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FDIC Losing Money as Many More Banks Face Collapse

The FDIC reported that its insurance fund shrank 20 percent in the second quarter. Jeffrey Brown speaks with a reporter and analyst about troubled banks.

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  • JEFFREY BROWN:

    And still to come on the NewsHour tonight: finding the truth on health care reform; talking to the leaders in Myanmar; and remembering a fabled political family.

    That follows our update on the nation's troubled banks. Today, the FDIC, which guarantees bank deposits, said banks lost more than $3.5 billion in the second quarter. The agency also reported that its insurance fund shrank another 20 percent, down to $10.4 billion. That's the fund's lowest level since the savings and loan crisis in the early '90s.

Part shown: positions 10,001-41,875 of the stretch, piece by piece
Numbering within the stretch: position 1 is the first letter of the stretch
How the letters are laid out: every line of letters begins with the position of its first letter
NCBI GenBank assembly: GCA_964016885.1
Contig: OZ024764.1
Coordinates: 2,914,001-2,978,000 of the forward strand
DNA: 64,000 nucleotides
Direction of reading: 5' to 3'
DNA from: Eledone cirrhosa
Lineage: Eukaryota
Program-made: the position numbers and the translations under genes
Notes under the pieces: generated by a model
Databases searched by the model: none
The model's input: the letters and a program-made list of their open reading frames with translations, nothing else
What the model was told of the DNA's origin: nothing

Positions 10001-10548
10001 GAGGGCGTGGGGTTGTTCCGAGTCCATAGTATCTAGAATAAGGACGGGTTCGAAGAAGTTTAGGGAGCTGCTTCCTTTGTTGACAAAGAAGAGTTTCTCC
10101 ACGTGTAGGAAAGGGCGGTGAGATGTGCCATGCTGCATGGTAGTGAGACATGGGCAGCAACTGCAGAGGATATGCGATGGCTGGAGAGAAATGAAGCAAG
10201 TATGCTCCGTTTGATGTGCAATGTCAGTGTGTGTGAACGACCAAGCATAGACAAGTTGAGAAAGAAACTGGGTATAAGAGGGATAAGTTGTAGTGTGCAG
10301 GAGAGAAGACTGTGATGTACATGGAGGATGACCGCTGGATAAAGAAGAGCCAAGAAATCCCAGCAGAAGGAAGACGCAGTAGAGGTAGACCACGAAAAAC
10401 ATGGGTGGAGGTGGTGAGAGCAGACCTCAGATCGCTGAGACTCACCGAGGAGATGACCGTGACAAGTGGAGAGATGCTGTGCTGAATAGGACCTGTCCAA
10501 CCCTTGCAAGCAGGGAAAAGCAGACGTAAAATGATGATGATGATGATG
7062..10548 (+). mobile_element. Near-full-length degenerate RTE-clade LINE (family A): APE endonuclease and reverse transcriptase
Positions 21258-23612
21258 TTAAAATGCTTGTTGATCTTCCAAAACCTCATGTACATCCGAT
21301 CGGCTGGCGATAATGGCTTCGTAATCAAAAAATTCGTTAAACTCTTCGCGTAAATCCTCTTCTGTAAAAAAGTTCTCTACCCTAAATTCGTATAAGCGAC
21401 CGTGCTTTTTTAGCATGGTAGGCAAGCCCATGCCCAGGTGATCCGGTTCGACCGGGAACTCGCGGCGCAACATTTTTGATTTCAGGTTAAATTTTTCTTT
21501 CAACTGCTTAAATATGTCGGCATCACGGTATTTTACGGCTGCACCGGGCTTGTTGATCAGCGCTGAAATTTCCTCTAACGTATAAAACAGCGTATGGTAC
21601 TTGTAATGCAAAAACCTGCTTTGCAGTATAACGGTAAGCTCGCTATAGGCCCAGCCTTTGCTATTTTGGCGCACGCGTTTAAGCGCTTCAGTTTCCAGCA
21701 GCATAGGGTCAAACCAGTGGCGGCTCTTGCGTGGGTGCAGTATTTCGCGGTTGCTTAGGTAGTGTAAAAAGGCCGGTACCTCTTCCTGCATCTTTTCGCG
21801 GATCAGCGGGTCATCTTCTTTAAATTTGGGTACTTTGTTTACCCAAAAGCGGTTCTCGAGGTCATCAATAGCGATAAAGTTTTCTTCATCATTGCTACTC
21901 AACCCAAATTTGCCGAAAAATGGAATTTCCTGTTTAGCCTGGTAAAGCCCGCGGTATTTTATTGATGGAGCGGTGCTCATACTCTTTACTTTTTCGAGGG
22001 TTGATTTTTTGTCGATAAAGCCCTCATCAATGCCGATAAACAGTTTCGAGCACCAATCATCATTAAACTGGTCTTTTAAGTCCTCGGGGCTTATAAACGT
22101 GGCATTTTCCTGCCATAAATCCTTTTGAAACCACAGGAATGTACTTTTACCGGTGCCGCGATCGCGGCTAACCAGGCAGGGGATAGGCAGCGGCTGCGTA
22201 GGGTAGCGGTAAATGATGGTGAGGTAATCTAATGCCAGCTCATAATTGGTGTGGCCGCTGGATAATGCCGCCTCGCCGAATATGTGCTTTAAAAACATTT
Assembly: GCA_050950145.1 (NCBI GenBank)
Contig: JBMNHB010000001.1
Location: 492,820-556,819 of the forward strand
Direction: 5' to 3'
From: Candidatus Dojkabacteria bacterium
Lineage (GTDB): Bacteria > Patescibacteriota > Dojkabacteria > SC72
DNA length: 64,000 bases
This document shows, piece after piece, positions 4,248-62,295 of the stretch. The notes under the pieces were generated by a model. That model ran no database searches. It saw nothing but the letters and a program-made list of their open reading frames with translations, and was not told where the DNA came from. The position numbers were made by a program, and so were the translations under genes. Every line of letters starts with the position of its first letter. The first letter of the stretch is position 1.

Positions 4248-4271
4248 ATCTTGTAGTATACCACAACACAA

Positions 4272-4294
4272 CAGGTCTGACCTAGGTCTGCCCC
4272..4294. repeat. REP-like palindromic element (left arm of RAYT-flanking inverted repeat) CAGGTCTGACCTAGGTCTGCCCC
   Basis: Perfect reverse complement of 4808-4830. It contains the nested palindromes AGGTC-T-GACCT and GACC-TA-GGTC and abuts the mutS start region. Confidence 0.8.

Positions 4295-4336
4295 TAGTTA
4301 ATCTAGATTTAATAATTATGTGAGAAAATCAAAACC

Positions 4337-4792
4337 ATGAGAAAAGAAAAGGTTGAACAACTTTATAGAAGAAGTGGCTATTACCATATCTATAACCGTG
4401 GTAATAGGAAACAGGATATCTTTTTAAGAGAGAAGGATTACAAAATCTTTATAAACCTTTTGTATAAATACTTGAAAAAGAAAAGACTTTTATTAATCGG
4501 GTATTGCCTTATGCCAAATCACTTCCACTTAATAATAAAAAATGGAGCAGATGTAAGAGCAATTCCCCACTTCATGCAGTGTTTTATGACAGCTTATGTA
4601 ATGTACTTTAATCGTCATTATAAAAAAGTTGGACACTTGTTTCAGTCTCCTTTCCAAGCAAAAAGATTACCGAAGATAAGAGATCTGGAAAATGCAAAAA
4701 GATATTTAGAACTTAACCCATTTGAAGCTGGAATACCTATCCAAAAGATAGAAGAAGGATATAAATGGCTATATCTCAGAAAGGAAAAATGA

So far this year, 81 banks have failed. Another 416 are on the FDIC'S so-called "problem list."

    Here to parse some of those numbers are Karen Shaw Petrou, managing partner of Federal Financial Analytics, a consulting firm to the financial services industry, and Binyamin Appelbaum, banks and banking reporter for the Washington Post.

    Welcome back to both of you.

    Karen Petrou, the first thing this tells us, the banking sector is still struggling, right?

    KAREN SHAW PETROU, managing partner, Federal Financial Analytics: That's right.

  • JEFFREY BROWN:

    What's the biggest problem for the banks right now?

  • KAREN SHAW PETROU:

    Bad loans, and lots of them. Bad loans they wrote in the lead-up to the crisis and loans that are going bad now because of unemployment and ongoing economic problems.

  • JEFFREY BROWN:

    So, Binyamin, I mean, we were hearing about all these sort of fancy investments. We talked about those for many months. But this is simpler stuff, not less bad, but simpler stuff, right?

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